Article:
2016, Jan - Feb

VW's Game Plan 

by Cliff Leppke

What’s VW’s next move in the emissions scandal? 

One of my family’s year-end rituals: playing board games. From childhood through adulthood, my parents, grandparents, aunts and uncles invited me to play games. It was fun, an initiation into how to follow the rules and work with others. Some games are pure luck, good sportsmanship a key virtue. Others involve deft collaboration or skillful maneuvers. This playful and sometime downright serious pastime—my parents will dock me if I don’t discard while playing Sequence—is one way we create a sense of community, a sense of family.

As the holidays approached, I wondered which of my winter pastimes best fit the VW story during 2015. Until mid-year, Monopoly, Risk or Chess seemed to express VW’s world—the one-time small-car company had grown into an international powerhouse set on snatching Toyota’s seat on the throne. And it accomplished that despite soft sales in the USA. Things change. 

VW’s car on the road of Life took a detour into an uncharted territory that revealed serious troubles with VW’s so-called clean diesel engines and the management of the people who designed, built and marketed its vehicles. Some thought VW’s pollution problem was a minor quibble. VW would regroup (lose a turn), while others spun their wheels. That wasn’t in the cards. Instead it became Trivial Pursuit. VW fumbled key questions. It tried Sorry, but its bell didn’t ring. Now, it’s Aggravation: will VW do the right things? 

Since VW’s game plan in the auto business has shifted gears, I thought I’d present VW’s lineup of players and pieces in a manner that makes sense of the firm’s fate. 

But first, I must report that the automotive trades say VW of America finally did something smart. In a game-changing move, it retained Kenneth Feinberg to design and administer an independent claims resolution for owners of 2.0-liter and 3.0-liter TDIs. 

Feinberg, who oversaw the compensation program for victims of General Motors’ defective ignition switches, anticipates a “menu of remedies.” He’s become the man with the plan when it comes to settling high-profile cases. He also oversaw compensation programs for victims of the 9/11 terrorist attacks and the 2010 BP Deepwater oil spill. VW says it wants to satisfy affected owners while avoiding protracted litigation. At this moment, Feinberg believes remedies will be attractive enough, the equivalent of legal litigation. And everything is on the table, including vehicle buy backs. 

•EXECUTIVE BOARD SHUFFLE: OPERATION, RISK or SORRY?: Volkswagen’s management and supervisory boards shuffled their decks; found new players. If this were a board game, it’s not Candy Land. The two top players (see below) are VWAG insiders with Porsche connections. Will they dial 911? Their challenge: remake VW’s management structure and mission and then ditch those who were criticized for hierarchal behavior, brand elitism and large egos. The game: win confidence with a change VW’s organizational structure. Forbes magazine is skeptical; VW’s management includes people tainted by their connections to those who created the EA 189 engine or other scandals. One such person, says Forbes, is the firm’s new compliance officer, Francisco Javier Garcia Sanz. Ouch!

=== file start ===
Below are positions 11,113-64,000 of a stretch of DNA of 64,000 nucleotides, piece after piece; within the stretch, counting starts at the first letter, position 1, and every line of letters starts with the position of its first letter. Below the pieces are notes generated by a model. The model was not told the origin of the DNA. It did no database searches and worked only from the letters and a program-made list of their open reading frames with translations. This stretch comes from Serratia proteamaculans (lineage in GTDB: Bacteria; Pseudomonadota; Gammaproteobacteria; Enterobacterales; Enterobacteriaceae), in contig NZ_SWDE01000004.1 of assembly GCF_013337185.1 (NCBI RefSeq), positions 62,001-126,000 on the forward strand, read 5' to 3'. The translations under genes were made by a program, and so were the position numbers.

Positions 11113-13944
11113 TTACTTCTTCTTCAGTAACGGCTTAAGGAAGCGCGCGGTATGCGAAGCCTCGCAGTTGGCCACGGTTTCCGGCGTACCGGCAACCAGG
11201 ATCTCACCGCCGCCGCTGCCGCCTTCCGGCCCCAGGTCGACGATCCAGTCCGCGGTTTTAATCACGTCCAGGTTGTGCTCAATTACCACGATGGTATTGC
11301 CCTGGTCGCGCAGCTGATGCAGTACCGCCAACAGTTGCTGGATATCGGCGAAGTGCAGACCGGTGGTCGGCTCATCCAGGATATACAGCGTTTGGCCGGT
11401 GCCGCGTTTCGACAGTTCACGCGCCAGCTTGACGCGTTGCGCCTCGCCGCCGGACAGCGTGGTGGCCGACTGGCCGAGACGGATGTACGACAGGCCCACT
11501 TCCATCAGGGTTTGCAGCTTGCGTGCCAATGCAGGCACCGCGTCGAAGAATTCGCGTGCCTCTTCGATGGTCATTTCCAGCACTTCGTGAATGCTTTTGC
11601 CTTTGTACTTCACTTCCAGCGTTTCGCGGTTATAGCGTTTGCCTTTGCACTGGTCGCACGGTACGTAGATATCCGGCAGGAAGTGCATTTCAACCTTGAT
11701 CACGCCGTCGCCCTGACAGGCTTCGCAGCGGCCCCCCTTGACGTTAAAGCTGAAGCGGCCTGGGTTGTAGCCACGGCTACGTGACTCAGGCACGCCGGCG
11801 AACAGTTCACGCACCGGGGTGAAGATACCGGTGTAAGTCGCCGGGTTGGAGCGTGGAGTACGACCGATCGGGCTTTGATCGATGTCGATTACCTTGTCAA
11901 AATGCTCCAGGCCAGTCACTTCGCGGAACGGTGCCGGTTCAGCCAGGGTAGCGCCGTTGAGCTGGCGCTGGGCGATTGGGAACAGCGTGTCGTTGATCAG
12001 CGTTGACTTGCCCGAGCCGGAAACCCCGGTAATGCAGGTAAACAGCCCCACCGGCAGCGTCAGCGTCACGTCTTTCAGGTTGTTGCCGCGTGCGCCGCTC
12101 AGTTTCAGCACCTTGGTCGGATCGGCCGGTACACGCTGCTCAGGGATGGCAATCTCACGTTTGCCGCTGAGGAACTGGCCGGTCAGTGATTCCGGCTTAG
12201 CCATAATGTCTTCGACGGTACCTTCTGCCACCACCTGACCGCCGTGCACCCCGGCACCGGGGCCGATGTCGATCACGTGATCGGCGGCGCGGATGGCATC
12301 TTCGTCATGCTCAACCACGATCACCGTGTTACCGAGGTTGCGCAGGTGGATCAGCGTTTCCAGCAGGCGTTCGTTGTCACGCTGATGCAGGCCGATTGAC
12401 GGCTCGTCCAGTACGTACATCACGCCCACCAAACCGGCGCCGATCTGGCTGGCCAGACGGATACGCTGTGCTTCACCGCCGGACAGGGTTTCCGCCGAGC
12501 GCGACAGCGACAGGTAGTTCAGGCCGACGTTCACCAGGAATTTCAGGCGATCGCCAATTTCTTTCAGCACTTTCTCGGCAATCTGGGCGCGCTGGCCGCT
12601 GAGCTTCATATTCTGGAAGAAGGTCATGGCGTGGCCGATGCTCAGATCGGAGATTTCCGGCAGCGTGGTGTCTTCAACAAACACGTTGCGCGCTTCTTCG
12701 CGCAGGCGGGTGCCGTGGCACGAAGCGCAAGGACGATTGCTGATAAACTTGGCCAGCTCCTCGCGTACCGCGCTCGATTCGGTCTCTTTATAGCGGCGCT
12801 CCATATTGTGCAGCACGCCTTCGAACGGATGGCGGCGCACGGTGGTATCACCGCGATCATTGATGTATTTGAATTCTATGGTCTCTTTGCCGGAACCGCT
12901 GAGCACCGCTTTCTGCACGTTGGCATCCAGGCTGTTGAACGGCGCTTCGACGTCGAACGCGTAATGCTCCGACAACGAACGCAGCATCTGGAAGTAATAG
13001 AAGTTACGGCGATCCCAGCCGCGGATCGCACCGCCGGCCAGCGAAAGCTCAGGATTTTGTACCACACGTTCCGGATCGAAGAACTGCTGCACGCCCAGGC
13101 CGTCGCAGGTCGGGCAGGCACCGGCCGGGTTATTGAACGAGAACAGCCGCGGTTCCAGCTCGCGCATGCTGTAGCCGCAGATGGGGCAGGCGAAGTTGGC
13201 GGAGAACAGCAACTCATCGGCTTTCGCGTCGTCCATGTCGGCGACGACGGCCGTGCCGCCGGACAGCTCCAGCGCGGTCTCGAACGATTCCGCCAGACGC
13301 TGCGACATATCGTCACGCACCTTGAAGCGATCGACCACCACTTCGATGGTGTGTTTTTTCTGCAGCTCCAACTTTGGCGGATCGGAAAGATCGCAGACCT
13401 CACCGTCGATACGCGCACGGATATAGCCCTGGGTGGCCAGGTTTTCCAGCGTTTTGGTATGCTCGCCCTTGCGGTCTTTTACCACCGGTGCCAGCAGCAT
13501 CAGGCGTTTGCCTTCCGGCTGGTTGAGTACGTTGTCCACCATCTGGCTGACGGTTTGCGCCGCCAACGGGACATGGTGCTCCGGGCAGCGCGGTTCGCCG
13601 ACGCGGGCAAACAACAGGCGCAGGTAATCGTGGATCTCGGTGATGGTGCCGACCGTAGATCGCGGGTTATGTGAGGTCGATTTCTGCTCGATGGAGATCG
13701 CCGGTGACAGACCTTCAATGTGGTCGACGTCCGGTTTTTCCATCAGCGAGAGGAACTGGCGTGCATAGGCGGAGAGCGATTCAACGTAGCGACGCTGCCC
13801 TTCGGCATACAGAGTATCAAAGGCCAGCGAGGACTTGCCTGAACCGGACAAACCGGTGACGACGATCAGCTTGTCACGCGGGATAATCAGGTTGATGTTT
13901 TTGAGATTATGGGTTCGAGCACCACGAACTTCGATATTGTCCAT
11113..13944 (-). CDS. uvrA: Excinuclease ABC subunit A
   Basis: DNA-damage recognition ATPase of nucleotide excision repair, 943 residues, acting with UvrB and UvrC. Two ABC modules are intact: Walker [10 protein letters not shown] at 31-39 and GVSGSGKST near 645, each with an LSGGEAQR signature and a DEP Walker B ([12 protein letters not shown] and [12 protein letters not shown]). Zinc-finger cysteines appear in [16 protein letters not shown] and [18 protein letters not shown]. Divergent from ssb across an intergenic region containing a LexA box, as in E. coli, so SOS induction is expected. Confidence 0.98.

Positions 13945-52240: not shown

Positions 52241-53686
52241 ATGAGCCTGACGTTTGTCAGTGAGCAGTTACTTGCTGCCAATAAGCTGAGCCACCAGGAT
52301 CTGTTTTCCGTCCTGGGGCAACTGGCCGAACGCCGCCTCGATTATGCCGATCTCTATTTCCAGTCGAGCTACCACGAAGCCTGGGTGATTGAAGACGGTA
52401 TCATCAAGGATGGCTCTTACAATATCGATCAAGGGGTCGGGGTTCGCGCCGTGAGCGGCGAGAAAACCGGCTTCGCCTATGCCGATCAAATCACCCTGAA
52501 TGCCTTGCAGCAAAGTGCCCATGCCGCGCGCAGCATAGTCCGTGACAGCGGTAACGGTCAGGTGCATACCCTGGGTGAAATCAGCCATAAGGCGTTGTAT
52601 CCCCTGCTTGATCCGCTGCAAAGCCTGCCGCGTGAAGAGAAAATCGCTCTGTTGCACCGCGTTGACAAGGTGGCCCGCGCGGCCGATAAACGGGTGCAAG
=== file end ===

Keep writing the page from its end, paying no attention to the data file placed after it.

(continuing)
VW’s new look is supposedly symbolized by an emphasis on corporate compliance and integrity. For example, VW announced the appointment of Michael Steiner (Porsche quality czar) as group compliance commissioner. He handles VW’s worldwide discussions with global regulatory authorities. Steiner reports to VWAG Board CEO Matthias Mueller. Coming soon: Christine Hohmann-Dennhardt (Mercedes), who will also report to Mueller. She will be board member for integrity and legal affairs. These leaders, Mueller says, are on par with sales, research and development. Not a believer? Christian Klingler, board manager responsible for sales and marketing, exited shortly after Martin Winterkorn resigned due to disagreements with VW’s management board. 

Here is an incomplete look at VWAG’s managerial lineup:

Top Job: Hans Dieter Poetsch, chairman of VW’s Supervisors Board (fills Ferdinand Piech’s spot vacated last spring during the failed Winterkorn ouster). Second fiddle: VW’s CEO: Matthias Mueller, chairman of VW’s Board of Management. His managerial team: Herbert Diess handles VW cars (new guy from BMW). Audi’s Rupert Stadler retains his chair, and Frank Witter is the finance chief or, CFO. This is the short list. 

Seat, Skoda and other VW brands have their own managers too. Farther down the metaphorical corporate ladder is Skoda’s Frank Welsch, who became VW’s new head of technical development. Former engineering big shots were suspended or resigned, so someone must move up. VW will simplify its corporate structure, paring costs and making it more responsive to local markets. It’s not certain whether it will have the resources to regain a toehold in North America.

On Dec. 17, VW announced five new leaders for development, sales, design and production:

• Ulrich Eichhorn: Leads R&D, replaces Ulrich Hackenberg

• Fred Kappler: Group sales leader, replaces Christian Klingler

• Michael Mauer: Group design head, replaces Walter de Silva

• Wolfram Thomas: Group production chief, replaces Michael Macht

• Ralf-Gerhard Willner: Group auto architectures guru. 

The number of top managers who report to Mueller is nearly half what it was before the diesel scandal broke.